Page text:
Just as your fathers sent each of you. And by God’s grace, you and my father came back.
My boy loves my cavalry saber and my dad’s medals. Wearing a military uniform and military service runs deep in our family. My son’s blood line is traced through the Civil War and the Revolutionary War to William Penn to Charlemagne of ninth century France. His great-grandfather helped build the Virginia Military Institute.
I pray the time never comes, but if it does, I expect that he will fight for God and country like his fathers before him. And like you, warriors gathered today, and like the warriors still on “eternal patrol” we honor today.
I have in my office the Norman Rockwell print of the “Homecoming GI” showing a young man coming home from war being greeting by the neighborhood. His back is toward us, his face is each of you and my father. We remember today the boys who didn’t come home, lost at sea — the only thing left was a gold star and a Purple Heart and our eternal gratitude.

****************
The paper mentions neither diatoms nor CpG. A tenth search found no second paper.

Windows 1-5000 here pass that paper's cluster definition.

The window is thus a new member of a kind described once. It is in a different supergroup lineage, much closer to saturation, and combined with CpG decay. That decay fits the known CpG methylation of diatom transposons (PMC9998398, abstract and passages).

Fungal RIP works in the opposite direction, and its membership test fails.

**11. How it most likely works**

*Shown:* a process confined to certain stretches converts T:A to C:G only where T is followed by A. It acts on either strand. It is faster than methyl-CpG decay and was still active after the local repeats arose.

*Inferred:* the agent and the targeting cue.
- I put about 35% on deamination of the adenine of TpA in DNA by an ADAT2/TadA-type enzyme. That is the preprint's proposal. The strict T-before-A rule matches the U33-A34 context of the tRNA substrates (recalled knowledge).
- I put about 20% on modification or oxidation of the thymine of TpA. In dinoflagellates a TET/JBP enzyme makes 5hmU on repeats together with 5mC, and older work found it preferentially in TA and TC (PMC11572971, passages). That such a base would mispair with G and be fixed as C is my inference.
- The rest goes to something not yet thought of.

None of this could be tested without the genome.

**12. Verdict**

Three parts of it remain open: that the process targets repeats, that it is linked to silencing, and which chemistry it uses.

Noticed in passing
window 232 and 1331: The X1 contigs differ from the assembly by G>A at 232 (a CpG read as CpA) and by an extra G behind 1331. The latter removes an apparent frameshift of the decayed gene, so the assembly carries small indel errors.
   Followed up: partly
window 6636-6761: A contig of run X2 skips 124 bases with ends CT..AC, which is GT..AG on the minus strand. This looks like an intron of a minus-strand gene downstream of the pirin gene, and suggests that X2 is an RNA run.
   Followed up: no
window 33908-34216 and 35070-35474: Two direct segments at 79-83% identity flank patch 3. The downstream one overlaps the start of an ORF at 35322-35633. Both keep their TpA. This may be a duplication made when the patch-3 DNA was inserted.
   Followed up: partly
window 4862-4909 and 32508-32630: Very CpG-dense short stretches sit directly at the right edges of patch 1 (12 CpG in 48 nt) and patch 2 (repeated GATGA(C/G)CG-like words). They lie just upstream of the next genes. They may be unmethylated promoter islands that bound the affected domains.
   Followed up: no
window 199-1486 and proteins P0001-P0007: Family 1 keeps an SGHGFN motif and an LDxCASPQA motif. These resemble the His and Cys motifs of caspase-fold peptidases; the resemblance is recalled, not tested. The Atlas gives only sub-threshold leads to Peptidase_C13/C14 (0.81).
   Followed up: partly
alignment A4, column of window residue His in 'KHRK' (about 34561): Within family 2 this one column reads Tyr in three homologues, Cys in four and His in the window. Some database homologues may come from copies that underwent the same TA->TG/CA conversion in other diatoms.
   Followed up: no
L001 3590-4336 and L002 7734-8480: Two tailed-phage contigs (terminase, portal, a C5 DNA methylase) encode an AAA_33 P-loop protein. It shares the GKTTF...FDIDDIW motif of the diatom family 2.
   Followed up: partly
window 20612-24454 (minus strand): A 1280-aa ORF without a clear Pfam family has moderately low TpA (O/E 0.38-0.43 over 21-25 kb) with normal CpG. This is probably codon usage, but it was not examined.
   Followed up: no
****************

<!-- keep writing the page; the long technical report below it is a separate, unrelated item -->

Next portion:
Buried at sea, there are no headstones, I cannot mark the grave of the man who took my father’s place. But shortly we will honor that man and each of the 3,505 men lost on 52 boats with a wreath. It is fitting that, as some boats were lost to aerial bombs, that we remember those lost heroes with an aerial wreath dropped over the sea.
There will always be wars and rumors of war, the Bible teaches. When I think of future wars I pray that a lost heroic high-tech Bonefish will not carry my John. The fear of this nearly unendurable loss humbles me. That young submariner who walked — requested permission to board — the Bonefish to take my father’s place was another man’s son. Another father’s dreams lost at sea. War turns civilization on its head: In peace sons bury fathers. In war fathers bury sons.